In (semi‑) field studies, hives with healthy colonies are placed in fields with bee-attractive crops such as Phacelia, the product is applied according to label instructions (dose, timing, number of applications etc.) and the effect on the colony is studied for several weeks. Usually, there is 1 colony per field or tunnel, each containing at least 3000-6000 bees (tunnel) or 10,000 bees (field), with 3 or 4 replicates per treatment including control and reference substance. In (semi-) field studies, the crop is protected by a tunnel, which forces the bees to feed on the treated crop; in these studies, the hives are transplanted to control field areas after 1 week. Observations include foraging and flying activity, mortality of adult bees and pupal development of marked cells on the frames. Residue analysis of collected pollen may also be included. These studies allow for a direct conclusion for the risk of bees for any proposed use. Under the SANCO guidance, higher tier risk assessments were not very often required, and acceptable risk to bees was often concluded.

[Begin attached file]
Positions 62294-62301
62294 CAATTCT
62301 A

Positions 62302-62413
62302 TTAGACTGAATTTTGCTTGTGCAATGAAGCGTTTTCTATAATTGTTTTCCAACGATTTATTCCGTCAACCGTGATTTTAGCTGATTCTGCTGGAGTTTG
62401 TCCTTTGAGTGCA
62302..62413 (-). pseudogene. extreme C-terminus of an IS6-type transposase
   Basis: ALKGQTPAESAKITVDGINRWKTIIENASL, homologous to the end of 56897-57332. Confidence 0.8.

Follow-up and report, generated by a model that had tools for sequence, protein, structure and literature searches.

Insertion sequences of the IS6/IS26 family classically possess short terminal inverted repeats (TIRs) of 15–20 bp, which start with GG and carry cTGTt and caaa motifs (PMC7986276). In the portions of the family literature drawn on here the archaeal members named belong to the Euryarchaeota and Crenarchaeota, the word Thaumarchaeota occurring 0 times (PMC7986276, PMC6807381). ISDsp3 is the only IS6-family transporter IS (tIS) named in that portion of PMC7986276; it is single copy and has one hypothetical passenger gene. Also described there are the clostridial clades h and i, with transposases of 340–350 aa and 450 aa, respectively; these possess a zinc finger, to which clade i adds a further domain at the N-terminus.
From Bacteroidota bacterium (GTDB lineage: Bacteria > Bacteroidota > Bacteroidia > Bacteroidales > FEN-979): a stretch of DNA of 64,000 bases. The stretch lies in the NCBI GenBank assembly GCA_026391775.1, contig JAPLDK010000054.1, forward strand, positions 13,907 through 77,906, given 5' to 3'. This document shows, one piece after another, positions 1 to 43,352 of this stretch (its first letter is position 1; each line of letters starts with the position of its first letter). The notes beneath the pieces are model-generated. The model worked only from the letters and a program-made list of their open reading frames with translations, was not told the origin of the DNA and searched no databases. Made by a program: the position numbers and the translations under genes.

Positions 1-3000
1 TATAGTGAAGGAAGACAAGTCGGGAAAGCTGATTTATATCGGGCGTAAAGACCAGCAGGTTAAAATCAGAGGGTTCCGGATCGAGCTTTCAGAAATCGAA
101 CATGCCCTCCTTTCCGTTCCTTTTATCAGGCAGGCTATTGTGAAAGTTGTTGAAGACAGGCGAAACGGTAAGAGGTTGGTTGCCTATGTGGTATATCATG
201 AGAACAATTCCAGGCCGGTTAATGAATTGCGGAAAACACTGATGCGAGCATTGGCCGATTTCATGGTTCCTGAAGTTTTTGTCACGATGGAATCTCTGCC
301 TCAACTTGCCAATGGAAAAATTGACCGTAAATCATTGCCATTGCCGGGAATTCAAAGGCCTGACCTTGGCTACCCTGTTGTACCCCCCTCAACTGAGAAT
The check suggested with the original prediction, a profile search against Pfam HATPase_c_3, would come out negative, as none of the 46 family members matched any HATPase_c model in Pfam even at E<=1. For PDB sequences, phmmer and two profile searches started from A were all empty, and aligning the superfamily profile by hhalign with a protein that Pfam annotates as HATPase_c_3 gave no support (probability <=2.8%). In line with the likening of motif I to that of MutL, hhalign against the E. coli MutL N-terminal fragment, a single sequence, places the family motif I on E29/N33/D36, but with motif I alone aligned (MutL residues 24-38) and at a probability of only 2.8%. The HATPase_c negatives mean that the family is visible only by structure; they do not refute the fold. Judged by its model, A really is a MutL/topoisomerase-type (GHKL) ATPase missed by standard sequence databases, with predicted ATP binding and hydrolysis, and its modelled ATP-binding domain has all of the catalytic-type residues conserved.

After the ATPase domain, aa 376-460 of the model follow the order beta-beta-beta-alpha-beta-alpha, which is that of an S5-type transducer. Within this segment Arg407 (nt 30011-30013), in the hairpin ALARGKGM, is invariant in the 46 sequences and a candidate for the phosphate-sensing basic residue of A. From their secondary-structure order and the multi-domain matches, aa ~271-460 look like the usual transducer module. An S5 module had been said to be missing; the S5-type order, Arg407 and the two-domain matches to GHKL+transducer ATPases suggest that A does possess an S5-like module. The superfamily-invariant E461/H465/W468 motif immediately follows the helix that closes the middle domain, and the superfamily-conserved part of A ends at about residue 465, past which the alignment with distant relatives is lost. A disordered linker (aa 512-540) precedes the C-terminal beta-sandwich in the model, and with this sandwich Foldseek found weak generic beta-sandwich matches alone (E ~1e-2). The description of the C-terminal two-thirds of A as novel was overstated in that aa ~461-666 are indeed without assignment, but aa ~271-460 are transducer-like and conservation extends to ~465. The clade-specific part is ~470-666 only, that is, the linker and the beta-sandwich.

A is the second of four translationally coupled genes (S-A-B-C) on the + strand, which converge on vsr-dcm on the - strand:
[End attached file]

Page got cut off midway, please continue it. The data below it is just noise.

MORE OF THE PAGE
Honeybee brood feeding tests are conducted with 3 colonies per treatment, including control and reference substance, each containing at least 10,000-15,000 bees. The frames should not contain excessive food in order to optimize exposure to the test substance. Brood development in marked cells is assessed over 22 days.

In 2009, the new (and current) regulation on authorization of plant protection products in Europe was adopted. This regulation states that substances can only be approved if the exposure of honeybees is negligible or if the substance does not have unacceptable acute or chronic effects on colony survival and development. This requirement was reflected in a new guidance document for bees, published by EFSA in 2013.